Permitting for New Construction Strong in Kensington and Point Breeze During the Pandemic

For this month’s Philadelphia Housing Index (PHI) blog post, we took a look at new construction permit data from Philadelphia’s Department of Licenses and Inspection to see how Philadelphia’s development pipeline performed during the COVID-19 pandemic and which neighborhoods showed the most construction permitting activity in the past year. We filtered the data to examine only new construction building permits for both residential and commercial development.

It’s not surprising that overall, new construction activity has been significantly disrupted due to the COVID-19 pandemic. L&I 2020 permit data shows a decline of about 52% from 2019 levels.

Although overall permitting and construction slowed, some of the city’s neighborhoods have shown to be resilient. When looking at the spatial distribution of new construction permitting activities across neighborhoods, Kensington, Point Breeze, Center City East, Center City West, and West Kensington ranked as the five top neighborhoods with most new construction permits, followed by Wharton, Richmond and Fishtown.

Kensington, with 510 new construction permits in 2020, ranked as the first among all Philadelphia neighborhoods in terms of new construction permitting activities. According to Kensington’s PHI, the housing price in Kensington has been steadily growing in the past year, which has increased from around $273,000 in January 2020 to around $324,000 in January 2021, representing a 20% increase. Similarly, for the second neighborhood on the list – Point Breeze, with around 350 new construction permits, its PHI has grown significantly by around 25% in the past year, increased from around $273,000 in January 2020 to around $340,000 in January 2021.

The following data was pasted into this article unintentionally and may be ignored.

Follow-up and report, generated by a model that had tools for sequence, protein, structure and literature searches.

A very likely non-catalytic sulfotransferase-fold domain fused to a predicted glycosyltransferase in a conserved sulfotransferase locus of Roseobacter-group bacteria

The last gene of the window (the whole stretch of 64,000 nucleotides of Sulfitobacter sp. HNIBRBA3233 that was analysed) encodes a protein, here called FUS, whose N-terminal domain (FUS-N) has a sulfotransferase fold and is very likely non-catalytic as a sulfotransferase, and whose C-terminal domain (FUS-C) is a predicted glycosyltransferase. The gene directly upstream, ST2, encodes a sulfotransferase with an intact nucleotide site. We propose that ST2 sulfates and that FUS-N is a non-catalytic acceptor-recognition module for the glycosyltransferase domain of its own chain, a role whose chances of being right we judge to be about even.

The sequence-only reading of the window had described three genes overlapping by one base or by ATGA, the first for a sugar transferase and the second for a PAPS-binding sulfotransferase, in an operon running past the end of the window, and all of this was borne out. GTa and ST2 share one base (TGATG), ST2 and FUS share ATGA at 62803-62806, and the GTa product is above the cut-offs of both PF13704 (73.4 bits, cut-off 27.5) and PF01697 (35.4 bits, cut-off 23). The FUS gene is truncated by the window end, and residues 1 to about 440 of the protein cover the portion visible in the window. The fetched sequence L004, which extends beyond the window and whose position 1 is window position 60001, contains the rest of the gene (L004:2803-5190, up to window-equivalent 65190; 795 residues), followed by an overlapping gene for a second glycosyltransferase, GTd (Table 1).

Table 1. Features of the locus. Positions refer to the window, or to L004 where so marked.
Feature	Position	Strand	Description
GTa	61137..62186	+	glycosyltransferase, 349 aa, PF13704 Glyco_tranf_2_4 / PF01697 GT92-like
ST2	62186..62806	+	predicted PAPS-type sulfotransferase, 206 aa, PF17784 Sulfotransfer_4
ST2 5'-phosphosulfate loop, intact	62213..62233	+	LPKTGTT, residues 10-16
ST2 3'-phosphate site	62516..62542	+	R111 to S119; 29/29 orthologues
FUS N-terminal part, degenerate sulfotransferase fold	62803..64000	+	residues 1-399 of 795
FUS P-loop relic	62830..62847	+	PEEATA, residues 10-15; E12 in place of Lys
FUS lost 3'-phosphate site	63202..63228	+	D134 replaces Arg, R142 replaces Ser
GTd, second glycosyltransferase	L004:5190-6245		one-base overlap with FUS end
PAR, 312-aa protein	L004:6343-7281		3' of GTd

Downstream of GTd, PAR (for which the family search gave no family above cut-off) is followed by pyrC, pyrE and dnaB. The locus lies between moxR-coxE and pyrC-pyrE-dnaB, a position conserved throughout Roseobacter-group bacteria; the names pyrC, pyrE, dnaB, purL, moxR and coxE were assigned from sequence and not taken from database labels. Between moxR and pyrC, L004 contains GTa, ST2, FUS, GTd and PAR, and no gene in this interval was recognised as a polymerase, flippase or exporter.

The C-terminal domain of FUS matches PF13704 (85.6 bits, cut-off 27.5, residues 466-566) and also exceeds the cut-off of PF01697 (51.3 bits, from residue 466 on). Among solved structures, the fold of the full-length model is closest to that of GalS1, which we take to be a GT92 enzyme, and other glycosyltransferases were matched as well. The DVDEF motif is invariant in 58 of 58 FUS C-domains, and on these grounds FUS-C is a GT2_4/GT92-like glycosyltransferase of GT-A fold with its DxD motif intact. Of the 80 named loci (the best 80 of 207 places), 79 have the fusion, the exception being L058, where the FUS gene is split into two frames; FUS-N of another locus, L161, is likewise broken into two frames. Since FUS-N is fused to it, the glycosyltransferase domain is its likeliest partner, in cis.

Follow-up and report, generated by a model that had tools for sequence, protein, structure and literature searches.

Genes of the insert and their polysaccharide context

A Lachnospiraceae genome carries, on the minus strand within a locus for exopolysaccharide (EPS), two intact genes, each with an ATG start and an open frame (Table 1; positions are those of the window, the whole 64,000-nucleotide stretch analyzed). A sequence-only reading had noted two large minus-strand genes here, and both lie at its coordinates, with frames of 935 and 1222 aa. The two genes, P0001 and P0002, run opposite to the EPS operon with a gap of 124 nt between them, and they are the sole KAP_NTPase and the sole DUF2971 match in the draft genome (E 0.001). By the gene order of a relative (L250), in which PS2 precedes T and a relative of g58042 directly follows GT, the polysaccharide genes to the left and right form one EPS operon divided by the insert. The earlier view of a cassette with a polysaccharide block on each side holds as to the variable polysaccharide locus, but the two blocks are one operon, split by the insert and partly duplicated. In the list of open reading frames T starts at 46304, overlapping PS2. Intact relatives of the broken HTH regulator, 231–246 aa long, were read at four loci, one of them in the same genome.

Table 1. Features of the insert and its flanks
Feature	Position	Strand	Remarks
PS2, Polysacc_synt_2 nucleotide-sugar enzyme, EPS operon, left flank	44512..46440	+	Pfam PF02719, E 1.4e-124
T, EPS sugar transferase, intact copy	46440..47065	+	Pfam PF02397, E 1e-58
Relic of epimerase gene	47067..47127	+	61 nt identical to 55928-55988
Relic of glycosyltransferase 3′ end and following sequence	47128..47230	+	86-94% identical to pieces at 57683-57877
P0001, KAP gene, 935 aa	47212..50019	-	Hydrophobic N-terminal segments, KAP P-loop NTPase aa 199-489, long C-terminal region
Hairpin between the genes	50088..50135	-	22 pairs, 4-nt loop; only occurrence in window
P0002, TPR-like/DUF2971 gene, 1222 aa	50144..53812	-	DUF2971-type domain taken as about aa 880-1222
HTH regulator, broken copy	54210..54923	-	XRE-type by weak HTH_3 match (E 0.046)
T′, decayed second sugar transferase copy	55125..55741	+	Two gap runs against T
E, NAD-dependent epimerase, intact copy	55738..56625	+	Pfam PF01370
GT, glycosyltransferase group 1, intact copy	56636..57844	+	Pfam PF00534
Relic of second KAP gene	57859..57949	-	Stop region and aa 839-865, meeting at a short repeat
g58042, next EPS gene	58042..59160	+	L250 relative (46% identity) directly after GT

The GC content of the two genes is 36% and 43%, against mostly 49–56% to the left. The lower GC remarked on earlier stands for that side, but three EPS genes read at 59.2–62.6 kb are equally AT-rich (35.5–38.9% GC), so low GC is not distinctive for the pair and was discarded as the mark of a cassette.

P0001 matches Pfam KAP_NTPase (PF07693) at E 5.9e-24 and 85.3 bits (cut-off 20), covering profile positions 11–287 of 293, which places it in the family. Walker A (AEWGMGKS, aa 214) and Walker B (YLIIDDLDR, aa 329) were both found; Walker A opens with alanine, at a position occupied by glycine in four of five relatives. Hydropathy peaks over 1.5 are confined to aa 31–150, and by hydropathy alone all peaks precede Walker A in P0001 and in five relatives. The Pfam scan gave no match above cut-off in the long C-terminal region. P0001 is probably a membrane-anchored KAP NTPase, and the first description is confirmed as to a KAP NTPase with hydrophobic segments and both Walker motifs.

As discussed in one of our earlier blog posts, new construction in Fishtown and Kensington may be slowing down comparing to previous years, and investment seems to be pushing outward from their boundaries and into currently less expensive neighborhoods such as West Kensington and Richmond with growing trend of construction permits issued in recent years. West Kensington with 220 permits and Richmond 210, rank 5th and 7th respectively. While Richmond’s PHI has increased significantly by around 19% from around $135,000 in January 2020 to around $160,000 in January 2021, West Kensington’s PHI peaked at July 2020 at around $216,000, but experienced a decline since then towards the end of the year. West Kensington’s PHI has only increased by around 3% from $182,000 in January 2020 to $188,000 in January 2021.

We constructed an interactive dashboard below for you to check out the new construction permits and PHI for neighborhoods of your interests. The PHI dashboard on our website has also been renewed with up to date data. We’ll keep monitoring Philadelphia’s housing market, so stay tuned for more future blog posts!

Click here to access our interactive dashboard.


Jing Liu, Associate Director | [email protected]

Jing Liu is responsible for analyzing and updating ESI’s monthly Philadelphia Housing Index (PHI), which measures changes in the sales price of Philadelphia’s housing units through time, adjusting seasonality and housing traits to compare like-to-like, with differentiated trends by city district by using arms-length residential, single transaction sales from 2001.

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